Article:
Topaz

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Perhaps another good poll (an offshoot of this one if you will) would be to set price ranges and ask members which kit price point would tip them over edge from looker to buyer.
Never works. People say one thing, do another.

I'm interested to see how this plays out, when more votes are in. I may have a follow-on or two. What I ask depends on the result that comes from this one.
 

rbrochey

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My dad was 100 years old when he passed away in 1990. He was old school to say the least and taught me to be independent. At age 11 I was on a step ladder learning to install ceiling lights in our old farmhouse that didn't have electricity when he bought it... he looked on from his folding chair while drinking his ever present cup of coffee when I asked how do I know if this wire is hot? His reply was 'touch the black one and white one at the same time.That will tell you. ' I did and was shocked..and he said 'there now you know you have to wire up the light carefully." I'm 67 now and have been doing wiring and everything else for myself my entire life. All thanks to him teaching me. I don't think there's a day that passes that I don't use something he taught me. I have had maybe three outside service calls in my entire life. I like doing things myself. I want to build my own plane for the same reasons I build everything else for myself, like my dad said, 'avoid the paths everyone else is walking down, you'll never get anywhere.' And when the plane is finished? I will name it Russell. RIP dad. And thanks.
 

radfordc

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Part of the question resolves into how much does it take to make you happy? I can't say that I've ever enjoyed flying anything more than my Airbike and CGS Hawk ultralights, and then my Sonex. Lots of bang for the buck.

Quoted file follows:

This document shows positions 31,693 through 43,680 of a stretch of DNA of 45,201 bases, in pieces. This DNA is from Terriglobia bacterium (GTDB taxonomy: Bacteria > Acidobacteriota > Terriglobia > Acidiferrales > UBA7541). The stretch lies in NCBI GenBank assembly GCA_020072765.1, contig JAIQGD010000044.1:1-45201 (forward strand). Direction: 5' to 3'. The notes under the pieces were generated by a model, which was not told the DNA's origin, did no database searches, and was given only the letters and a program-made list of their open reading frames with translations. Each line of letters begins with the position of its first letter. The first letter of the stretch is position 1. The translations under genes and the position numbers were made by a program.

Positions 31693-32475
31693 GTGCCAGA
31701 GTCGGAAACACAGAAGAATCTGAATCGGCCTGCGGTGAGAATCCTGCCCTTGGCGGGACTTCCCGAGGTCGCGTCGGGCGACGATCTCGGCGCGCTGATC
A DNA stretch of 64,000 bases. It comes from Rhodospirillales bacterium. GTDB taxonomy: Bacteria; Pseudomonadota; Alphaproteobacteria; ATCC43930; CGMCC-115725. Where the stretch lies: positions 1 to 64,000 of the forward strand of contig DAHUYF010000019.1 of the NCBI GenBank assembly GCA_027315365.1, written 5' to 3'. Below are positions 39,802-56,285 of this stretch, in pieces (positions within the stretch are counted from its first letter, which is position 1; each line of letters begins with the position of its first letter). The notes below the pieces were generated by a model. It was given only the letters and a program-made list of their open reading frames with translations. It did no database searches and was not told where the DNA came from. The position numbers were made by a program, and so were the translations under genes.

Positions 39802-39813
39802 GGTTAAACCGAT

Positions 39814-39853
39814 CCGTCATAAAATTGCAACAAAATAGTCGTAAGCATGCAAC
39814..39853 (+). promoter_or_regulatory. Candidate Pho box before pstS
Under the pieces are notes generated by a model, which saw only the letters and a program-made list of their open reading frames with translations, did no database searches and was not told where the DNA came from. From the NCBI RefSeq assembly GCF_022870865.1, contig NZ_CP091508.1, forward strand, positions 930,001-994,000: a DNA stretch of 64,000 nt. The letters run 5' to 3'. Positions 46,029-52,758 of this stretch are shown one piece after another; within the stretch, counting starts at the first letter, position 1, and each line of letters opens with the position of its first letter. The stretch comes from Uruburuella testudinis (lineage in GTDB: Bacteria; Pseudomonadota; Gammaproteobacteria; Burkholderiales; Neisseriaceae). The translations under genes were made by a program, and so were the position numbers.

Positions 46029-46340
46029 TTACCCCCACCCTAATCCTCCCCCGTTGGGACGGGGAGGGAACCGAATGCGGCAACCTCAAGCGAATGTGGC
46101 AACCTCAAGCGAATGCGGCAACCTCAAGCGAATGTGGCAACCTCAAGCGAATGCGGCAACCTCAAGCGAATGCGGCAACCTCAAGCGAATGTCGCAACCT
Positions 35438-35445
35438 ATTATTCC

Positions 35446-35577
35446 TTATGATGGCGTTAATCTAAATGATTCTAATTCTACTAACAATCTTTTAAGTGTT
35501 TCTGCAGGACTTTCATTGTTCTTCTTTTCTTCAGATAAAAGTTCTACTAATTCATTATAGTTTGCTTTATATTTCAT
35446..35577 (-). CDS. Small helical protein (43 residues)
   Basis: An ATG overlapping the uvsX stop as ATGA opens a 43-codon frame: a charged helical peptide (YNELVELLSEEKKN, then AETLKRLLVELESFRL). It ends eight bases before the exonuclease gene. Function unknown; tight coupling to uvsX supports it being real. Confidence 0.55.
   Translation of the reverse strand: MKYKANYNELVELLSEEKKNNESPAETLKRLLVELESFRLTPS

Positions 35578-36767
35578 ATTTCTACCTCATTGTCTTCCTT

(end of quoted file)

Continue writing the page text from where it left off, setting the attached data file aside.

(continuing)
lurker

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cheap bastard.
that's why i have what nice things i have.
retired, fixed income. some little of it is disposable, so i don't want to fritter it.
aviation is a luxury. don't really know that i'd enjoy flying often, like every weekend. but i want to try it on my terms and schedule. not concerned (yet) with "performance", or going anyplace particular except maybe back to the field i took off from.
if i build (i've always wanted to build my own airplane, just so i can tell myself i did) a cheap (frugal/inexpensive sound so much better) airplane and i just love it, maybe there's a license and nicer bigger faster airplane in my future. if not, i had fun and learned something, and it didn't break the bank.
 

Pops

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I guess I am cheap. I like to make my money go as far as possible. I also like to build things, airplanes, houses, cars, boats, etc from scratch. I am sort of a relic of the past, if I don't have the cash, I don't buy. I live a lower life style and as simple as possible. Built both of my new homes without a mortgage. Never had a car payment since I bought a new 1968 VW bug for $1868 and paid it off in a few months. No credit cards, no debt of any kind. Credit rating, not listed, (great, I had my bank check on me). With all of that, having 3 children, we have lived a very nice life style and done a lot of things and traveled a lot. So, since I like building and rebuilding things, I would never buy an aircraft kit. Airplanes have been very good to me in my life in all ways. I have been blessed in all ways.
In building the SSSC, I didn't build it cheaply because I couldn't afford it, I wanted to see how inexpensive I could build a nice performing airplane. I had a little more than $3850 spent when I did the first test flight.
 

cavelamb

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I went with "cheap bastard", partly because I am, and partly because I want more than one airplane and something cheap is the only way I'll be able to afford the second (and third, and fourth...) one.
How many airplanes do you have right now?
 

TFF

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In response to the car, my car does get me to work, to eat, kids to school and it is only the second one in my life that only has that purpose. All the other cars I have owned had the joy of ownership first and I dealt with making it get me to work or school. Alfas, Triumphs, MGs, A Jag, Range Rover among many others were my normal kit and only options. I started driving what I have now, and everyone I knew wanted to know if I had hit my head as it was very un-Tom. AC does work good though. So to me a Pininfarina designed fender is way more important. Why do I drive what i do now? Free. Would rather turn it into a 65 Mustang if I had the choice.
 

cavelamb

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Very interesting - and very telling!

6 of 29 hold licenses (20%).

80% don't.

I think that explains a lot of what I've read on this forum!